At evangelical colleges, a shifting attitude toward gay students
Combing through prayer requests in a Wheaton College chapel in 2010, then-junior Benjamin Matthews decided to do something “absurdly unsafe.”
He posted a letter on a public forum bulletin board near students' post office boxes. In the letter, he came out as gay and encouraged fellow gay Christian students – some of whom had anonymously expressed suicidal plans in a pile of the prayer requests – to contact him if they needed help.
In a student body of 2,400 undergraduates in the suburbs of Chicago, at what is sometimes called the Harvard of evangelical schools, Matthews said that 15 male students came out to him. Other students seemed somewhat ambivalent about his coming out, he said.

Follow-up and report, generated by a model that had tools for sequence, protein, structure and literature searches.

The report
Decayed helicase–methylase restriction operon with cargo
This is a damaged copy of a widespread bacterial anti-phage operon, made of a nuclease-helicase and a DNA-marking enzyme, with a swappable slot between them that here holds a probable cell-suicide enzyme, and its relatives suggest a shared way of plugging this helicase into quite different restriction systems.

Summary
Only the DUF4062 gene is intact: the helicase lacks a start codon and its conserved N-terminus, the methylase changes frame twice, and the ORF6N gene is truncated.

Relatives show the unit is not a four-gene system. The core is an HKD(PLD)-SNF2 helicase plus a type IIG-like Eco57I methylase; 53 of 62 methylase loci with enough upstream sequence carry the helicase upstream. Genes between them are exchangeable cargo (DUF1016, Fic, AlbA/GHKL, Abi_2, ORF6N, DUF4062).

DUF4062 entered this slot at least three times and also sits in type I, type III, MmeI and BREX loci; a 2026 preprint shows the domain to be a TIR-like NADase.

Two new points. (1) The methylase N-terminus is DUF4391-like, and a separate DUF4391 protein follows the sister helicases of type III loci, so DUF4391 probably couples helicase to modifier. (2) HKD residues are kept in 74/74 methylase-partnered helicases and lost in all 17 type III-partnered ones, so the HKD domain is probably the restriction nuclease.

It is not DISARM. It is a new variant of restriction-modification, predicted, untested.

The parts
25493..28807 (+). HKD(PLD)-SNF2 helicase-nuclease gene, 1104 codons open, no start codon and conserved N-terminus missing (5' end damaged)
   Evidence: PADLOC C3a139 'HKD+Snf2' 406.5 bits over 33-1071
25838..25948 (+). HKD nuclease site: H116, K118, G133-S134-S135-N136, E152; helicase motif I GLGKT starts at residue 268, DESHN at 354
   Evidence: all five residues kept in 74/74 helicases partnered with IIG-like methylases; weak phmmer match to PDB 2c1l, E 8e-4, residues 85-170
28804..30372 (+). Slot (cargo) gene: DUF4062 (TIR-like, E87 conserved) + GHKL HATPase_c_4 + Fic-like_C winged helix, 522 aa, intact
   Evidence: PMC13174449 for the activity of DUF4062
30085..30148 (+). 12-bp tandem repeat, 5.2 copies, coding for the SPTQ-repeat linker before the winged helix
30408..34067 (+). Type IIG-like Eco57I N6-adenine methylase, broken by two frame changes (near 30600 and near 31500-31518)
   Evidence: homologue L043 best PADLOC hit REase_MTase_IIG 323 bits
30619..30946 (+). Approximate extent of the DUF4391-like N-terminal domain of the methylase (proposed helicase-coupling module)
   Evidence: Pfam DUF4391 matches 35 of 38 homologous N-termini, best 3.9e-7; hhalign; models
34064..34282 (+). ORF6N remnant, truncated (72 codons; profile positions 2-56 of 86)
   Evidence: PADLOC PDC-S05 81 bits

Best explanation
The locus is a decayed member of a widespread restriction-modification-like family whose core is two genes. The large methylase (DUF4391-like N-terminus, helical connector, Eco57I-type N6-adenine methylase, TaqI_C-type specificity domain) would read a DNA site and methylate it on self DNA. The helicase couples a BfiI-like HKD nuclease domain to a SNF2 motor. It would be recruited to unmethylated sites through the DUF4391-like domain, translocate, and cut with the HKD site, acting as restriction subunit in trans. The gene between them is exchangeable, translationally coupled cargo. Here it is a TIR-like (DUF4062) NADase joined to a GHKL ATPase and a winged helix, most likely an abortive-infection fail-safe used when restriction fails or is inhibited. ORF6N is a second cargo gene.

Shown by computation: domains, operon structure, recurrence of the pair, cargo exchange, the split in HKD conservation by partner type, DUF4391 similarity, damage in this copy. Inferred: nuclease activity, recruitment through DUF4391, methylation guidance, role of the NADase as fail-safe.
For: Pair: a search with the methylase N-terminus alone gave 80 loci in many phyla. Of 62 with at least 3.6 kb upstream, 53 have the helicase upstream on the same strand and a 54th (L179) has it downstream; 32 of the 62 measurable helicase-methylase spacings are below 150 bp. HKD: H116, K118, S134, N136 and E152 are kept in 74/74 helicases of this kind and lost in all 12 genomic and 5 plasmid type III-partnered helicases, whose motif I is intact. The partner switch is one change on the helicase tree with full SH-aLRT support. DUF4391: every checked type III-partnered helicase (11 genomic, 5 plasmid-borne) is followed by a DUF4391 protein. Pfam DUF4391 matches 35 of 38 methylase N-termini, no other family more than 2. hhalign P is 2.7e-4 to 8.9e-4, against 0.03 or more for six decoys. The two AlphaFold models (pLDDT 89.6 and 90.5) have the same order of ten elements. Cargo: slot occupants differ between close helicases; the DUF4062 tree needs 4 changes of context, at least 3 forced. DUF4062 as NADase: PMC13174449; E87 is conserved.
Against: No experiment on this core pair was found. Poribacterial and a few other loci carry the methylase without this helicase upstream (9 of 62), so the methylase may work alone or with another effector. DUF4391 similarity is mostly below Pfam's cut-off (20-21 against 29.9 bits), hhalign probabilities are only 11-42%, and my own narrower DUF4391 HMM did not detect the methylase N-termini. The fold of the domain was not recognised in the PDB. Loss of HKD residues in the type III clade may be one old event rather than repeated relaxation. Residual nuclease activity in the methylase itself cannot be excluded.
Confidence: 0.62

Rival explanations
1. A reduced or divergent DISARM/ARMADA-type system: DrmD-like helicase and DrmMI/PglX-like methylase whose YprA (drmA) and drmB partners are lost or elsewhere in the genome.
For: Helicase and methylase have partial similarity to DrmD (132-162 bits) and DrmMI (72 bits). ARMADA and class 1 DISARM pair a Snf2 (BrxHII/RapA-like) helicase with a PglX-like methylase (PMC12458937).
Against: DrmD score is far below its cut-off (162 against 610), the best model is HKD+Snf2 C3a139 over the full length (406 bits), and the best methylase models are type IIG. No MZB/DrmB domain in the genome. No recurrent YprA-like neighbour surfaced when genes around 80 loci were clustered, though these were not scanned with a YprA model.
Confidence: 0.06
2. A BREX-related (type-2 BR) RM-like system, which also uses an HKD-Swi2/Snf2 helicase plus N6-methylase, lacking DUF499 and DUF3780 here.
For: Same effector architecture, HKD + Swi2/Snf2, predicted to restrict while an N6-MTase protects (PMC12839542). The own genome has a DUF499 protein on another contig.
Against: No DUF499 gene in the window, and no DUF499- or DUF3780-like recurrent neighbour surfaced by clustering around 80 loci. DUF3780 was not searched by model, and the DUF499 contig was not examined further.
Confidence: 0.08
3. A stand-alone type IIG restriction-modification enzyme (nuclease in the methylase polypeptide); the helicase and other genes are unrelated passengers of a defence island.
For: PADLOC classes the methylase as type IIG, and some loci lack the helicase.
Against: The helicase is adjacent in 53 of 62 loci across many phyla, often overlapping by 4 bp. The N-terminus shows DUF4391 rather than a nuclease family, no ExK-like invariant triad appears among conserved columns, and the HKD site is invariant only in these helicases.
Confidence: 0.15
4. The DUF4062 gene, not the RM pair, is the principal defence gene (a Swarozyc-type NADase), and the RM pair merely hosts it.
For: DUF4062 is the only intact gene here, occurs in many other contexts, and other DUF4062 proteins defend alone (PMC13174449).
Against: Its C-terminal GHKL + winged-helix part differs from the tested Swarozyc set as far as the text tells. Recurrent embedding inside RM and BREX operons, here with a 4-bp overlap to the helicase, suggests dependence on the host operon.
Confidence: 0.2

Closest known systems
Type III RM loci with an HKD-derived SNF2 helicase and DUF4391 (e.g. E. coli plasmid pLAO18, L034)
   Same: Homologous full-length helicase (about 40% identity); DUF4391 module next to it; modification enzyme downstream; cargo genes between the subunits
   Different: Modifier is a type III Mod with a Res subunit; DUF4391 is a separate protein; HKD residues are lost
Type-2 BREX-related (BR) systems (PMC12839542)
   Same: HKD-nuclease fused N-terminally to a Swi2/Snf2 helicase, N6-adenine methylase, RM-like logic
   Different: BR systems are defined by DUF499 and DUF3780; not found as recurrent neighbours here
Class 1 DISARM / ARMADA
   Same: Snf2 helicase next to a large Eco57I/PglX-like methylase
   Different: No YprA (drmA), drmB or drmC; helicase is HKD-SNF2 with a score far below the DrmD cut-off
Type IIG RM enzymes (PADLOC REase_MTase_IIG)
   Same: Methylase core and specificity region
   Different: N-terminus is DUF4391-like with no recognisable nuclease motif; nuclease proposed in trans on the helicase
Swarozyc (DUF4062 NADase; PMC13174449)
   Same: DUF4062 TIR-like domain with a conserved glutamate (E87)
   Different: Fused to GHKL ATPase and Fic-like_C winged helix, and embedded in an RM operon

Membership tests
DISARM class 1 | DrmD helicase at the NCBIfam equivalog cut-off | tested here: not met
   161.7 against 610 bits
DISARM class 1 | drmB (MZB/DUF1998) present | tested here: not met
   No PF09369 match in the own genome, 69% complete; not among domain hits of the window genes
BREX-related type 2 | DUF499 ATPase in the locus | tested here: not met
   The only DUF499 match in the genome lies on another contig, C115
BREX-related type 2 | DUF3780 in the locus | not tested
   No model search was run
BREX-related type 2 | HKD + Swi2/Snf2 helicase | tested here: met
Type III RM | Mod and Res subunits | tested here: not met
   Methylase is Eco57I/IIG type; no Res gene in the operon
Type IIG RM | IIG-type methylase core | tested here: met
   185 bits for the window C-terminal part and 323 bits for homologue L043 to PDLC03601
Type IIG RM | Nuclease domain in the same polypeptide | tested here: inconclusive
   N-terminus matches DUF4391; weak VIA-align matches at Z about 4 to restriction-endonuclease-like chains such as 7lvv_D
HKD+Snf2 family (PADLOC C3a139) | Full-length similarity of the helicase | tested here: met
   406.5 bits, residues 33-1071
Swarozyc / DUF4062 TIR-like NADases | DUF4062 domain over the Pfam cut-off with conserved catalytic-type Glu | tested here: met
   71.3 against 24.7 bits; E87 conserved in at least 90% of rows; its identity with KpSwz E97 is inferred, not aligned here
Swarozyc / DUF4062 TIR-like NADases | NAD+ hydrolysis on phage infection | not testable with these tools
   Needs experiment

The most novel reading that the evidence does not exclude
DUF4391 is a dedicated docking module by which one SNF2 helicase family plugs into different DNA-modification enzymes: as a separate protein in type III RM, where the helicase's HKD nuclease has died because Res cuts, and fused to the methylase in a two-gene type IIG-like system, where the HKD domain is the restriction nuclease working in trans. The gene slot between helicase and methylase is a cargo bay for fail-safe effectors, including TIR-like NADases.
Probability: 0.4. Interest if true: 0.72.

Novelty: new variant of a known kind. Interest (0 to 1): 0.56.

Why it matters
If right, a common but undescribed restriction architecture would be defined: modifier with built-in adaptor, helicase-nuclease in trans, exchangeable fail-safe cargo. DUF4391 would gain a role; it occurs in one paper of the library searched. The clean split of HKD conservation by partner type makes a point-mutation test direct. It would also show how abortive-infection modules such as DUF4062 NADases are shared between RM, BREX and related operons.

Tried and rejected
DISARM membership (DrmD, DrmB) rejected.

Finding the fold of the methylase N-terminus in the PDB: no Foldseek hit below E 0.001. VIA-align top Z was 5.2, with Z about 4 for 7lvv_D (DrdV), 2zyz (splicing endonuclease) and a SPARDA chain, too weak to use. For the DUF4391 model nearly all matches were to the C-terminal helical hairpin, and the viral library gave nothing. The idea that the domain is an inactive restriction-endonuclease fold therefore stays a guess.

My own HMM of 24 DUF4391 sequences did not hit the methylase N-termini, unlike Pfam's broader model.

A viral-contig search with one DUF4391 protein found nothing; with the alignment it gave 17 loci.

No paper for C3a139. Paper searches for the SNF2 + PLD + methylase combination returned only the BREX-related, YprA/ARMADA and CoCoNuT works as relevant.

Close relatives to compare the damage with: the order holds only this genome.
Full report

No one told him he was wrong or needed to change, Matthews said some students were obviously uncomfortable with someone who would come out as gay and remain a Christian.
“I don’t think most Wheaton students knew what to do because they've been given ‘love the sinner, hate the sin’ rhetoric, but they don't know how that plays out in real life,” said Matthews, who graduated in 2011. “They would mostly just listen, nod and say, ‘Yeah man, that’s hard.’”
As is the case at many evangelical colleges, Wheaton students sign an agreement to not have sex outside of marriage, including "the use of pornography … premarital sex, adultery, homosexual behavior and all other sexual relations outside the bounds of marriage."
Written By: Sarah Pulliam Baileycontinue to source article at religion.blogs.cnn.com